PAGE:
NEW ZEALAND – Cutting grass and transporting it directly to goats makes New Zealand’s dairy goat system stand out globally, say New Zealand researchers.
Goat dairying is emerging as a profitable, innovative sector in New Zealand which AgResearch scientists say uses ‘significantly’ different forage strategies to dairy cow farming.
Typically, one third of goat feed is fresh-cut pasture.
“Most dairy goats are housed indoors and farmers provide fresh pasture in a ‘cut and carry’ system,” said Dr Warren Smith, AgResearch farm systems expert.
“Fresh-cut pasture in a dairy goat system is what makes New Zealand unique in the world.”
In winter months, goat farmers are heavily reliant on grass silage, as are many goat milkers all year round, with some businesses feeding grass silage the year round.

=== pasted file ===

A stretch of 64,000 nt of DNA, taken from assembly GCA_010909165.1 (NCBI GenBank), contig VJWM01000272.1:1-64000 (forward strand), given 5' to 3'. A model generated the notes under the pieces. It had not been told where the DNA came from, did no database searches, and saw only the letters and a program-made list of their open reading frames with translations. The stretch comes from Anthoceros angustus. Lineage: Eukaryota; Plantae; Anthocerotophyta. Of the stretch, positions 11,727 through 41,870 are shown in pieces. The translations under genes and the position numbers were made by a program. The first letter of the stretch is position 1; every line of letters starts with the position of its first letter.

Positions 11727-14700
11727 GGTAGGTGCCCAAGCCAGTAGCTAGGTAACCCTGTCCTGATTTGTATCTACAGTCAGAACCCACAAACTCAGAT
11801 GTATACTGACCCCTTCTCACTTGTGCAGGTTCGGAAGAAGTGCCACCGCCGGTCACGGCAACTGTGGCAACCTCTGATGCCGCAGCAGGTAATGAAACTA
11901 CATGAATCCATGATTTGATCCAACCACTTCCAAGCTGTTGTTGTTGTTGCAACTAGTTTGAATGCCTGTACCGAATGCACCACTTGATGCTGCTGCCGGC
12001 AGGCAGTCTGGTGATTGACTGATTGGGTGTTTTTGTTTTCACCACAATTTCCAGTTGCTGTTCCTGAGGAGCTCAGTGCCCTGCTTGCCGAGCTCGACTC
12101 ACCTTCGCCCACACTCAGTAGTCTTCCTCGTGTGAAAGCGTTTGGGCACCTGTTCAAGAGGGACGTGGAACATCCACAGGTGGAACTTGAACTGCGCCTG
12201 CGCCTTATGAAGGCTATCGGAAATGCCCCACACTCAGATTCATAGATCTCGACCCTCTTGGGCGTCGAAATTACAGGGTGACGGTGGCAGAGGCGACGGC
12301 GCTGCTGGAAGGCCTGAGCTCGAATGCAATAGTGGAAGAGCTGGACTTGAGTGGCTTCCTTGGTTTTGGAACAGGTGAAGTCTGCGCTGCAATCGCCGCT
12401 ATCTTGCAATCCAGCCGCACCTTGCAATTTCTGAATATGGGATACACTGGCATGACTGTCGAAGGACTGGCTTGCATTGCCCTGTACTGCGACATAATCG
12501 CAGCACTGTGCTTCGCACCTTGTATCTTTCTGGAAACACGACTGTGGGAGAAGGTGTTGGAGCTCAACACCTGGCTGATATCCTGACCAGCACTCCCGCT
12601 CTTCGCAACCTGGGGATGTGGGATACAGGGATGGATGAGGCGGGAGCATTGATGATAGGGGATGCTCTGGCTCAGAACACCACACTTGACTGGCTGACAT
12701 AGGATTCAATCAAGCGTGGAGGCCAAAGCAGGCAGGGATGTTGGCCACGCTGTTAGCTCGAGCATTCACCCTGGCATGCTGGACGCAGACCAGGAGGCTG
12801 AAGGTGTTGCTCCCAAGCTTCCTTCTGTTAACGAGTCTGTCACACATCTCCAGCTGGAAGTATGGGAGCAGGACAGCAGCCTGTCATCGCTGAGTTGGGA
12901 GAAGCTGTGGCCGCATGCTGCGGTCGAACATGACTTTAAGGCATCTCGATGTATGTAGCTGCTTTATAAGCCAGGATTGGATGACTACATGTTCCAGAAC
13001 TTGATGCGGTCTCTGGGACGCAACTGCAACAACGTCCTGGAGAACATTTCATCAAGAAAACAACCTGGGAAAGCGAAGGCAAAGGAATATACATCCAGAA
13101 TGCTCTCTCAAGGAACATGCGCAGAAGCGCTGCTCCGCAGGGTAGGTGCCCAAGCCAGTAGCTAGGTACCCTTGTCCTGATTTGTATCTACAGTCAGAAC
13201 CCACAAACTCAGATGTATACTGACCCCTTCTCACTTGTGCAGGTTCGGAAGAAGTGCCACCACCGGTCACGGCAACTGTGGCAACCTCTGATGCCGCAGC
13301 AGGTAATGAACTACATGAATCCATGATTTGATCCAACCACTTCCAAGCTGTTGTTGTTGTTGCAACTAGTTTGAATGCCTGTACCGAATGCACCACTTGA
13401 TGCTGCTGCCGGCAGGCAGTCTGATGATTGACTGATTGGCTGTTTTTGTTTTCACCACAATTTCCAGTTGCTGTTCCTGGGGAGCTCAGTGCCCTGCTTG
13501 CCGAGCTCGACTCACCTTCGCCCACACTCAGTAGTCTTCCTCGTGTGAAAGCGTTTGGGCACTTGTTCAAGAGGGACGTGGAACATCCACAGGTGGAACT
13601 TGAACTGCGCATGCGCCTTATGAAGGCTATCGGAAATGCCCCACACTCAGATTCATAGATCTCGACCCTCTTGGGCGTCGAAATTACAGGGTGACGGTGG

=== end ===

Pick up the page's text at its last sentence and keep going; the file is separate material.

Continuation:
Doing so offers consistency and is often supplemented with maize silage and brewer’s grain.
“Silage is a way of dealing with the massive flush of spring pasture growth in September and October, and to make sure there are good feed resources on hand year-round, especially in February and March when grass dries off.
“There is an extra cost to producing silage but it’s cheaper to make your own than buy it in later on,” added Dr King.
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